What is domestic violence?
Domestic violence occurs when a person uses physical violence, coercion, threats, intimidation, isolation, minimizing, denying, blaming, using “male privilege,” using children, stalking, emotional abuse, sexual abuse or economic abuse to control another partner in a relationship. Domestic violence can be a single act or a pattern of behavior in relationships, which encompass dating, marriage, family and roommate relationships.
Domestic violence affects individuals of all races, gender, ethnic backgrounds, religion, sexual orientation, social and economic status. Although the most commonly recognized type of abuse involves partners of the opposite gender, with the victim typically being female, the occurrence of domestic violence among partners of the same gender occurs at similar rates as domestic violence among heterosexual couples. Both same-sex and heterosexual victims of domestic violence share a similar pattern of abuse.
If you are involved in a same-sex relationship and experience domestic violence, you may get help and support by attending:
PFLAG (Parents & Friends of Lesbians and Gays)
Fourth Wednesday of each month
St. Stevens Episcopal Church on Old Orchard, just off Lyons Ave. in Newhall
Domestic violence impedes the ability to establish and maintain a healthy, supportive and safe relationship.
According to the Center for Disease Control, 85% of survivors are women assaulted by male partners. It is important to remember, however, that in the other 15% of cases, men assaulted by women or men and women in same-sex relationships may be the survivors. These men and women may face additional isolation and fear due to social attitudes toward gender roles and/or sexual orientation.
Why is the issue of domestic violence important?
Domestic violence is a serious social problem and a national health concern with significant negative impacts on individuals and our communities. It is a primary cause of injury to women in the United States. According to the National Institute of Justice, over one third (37%) of women admitted to an emergency room for violence-related injuries were abused by an intimate partner. Additionally, one in three women in the United States are physically abused by a partner at some point in their lives. The Center for Disease Control reports that approximately 1.3 million women are physically abused each year in the United States.
Domestic violence is illegal
Just as the use of physical violence on the street is illegal, the use of physical violence in a relationship is an illegal act for which the abuser can be arrested and prosecuted.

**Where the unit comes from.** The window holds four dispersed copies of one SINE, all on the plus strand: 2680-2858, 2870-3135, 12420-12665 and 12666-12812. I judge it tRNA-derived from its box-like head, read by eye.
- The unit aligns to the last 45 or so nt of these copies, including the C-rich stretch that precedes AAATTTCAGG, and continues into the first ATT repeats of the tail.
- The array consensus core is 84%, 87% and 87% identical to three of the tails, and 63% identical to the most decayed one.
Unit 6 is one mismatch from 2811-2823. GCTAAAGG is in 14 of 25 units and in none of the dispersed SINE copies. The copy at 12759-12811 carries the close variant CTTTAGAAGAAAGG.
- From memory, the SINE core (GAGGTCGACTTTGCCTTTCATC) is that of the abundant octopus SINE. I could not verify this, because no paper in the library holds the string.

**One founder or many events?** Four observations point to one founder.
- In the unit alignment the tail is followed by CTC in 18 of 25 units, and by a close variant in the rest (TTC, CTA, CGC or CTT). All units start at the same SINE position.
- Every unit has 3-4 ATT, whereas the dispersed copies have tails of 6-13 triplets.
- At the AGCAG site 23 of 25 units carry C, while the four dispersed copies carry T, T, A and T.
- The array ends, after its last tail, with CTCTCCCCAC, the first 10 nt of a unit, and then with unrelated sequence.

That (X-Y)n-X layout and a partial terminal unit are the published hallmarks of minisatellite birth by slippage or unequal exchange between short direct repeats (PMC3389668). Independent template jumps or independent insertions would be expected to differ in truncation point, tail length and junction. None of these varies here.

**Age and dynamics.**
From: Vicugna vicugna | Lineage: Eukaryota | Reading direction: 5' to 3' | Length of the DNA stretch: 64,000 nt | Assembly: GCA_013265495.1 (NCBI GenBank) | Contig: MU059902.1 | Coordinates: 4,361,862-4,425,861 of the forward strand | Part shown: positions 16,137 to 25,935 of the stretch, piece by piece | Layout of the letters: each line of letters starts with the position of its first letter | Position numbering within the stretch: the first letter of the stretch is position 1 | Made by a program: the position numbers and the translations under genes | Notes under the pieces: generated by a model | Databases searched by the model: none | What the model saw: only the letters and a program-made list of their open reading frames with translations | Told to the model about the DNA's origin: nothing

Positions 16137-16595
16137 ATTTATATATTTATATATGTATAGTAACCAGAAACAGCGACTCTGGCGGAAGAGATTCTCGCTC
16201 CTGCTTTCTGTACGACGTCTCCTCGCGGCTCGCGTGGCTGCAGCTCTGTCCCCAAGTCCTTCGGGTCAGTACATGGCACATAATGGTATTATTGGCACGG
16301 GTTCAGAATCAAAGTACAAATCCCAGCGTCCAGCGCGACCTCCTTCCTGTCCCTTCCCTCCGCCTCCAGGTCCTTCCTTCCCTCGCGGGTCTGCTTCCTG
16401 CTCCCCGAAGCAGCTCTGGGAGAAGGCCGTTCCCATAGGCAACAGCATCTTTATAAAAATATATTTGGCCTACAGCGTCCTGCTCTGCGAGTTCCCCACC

Domestic violence occurs in cycles
Although each domestic violence situation is different, all abusers use similar ways to get what they want using power and control. Batterers can be charming, sweet and apologetic one minute and abusive the next. The abused partner can be confused and kept off balance by these changes in the batterer’s behavior. Sometimes survivors describe the abuser as having a “Jekyll/Hyde personality.”
If violence or threat of violence has happened more than once or twice, it is extremely likely to happen again. The violence usually gets worse over time, increasing in both frequency and severity. It is common for the abuse to develop into a pattern or cycle of abuse.
- There is a build-up of tensions and a breakdown in communication
- A trigger occurs that sets off the batterer
- A violent event occurs
- The “honeymoon” period follows. The batterer apologizes, asks forgiveness, and swears it will never happen again. He “courts” the partner. The survivor wants to believe the batterer will change and they make up
- Life returns to “normal” until tensions begin again and the cycle continues
Who can be a victim of abuse?
All kinds of people: Domestic violence occurs among all ethnic groups and all cultures, among all ages, all income levels, all faiths and all education levels. For some people, their social, economic or cultural background may make it harder for them to get help. Lack of money, racial bias, language barriers, immigration status, anti-gay or lesbian beliefs, and religious beliefs can create barriers for survivors.
Women and Men: Women are more likely to be abused, but men may also be survivors. Abuse can occur in both heterosexual and same sex relationships.
Adolescents: Teens can be involved in abusive relationships and may also become victims of date rape. Between one third and one fourth of adolescent women have experienced a form of dating violence. The abuse is usually committed by a peer and can be as dangerous as abuse between adults.
A PARENT’S GUIDE TO TEEN DATING VIOLENCE – 10 QUESTIONS TO START THE CONVERSATION: To download click HERE
Children: In homes where one partner abuses the other partner, there is an increased risk that the batterer may also abuse the child. Just witnessing domestic violence in the home can have harmful effects on children. Threats of kidnapping or harming children may impact the survivor’s concentration at work.
Who are the abusers?
Just as victims of violence come from all parts of the population, those who abuse intimate partners can be any age, sex, race or educational level. Abusers can be rich or poor, employed or unemployed, and work in any occupation.
Why do batterers abuse?
Batterers use abuse to get or maintain power and control over their partners or ex-partners. Batterers use domestic violence because it works to get them what they want.
What does domestic violence look like?
Batterers use many ways to get or keep control of their partners. Some of those behaviors or acts are shown in the “Wheel of Power and Control.”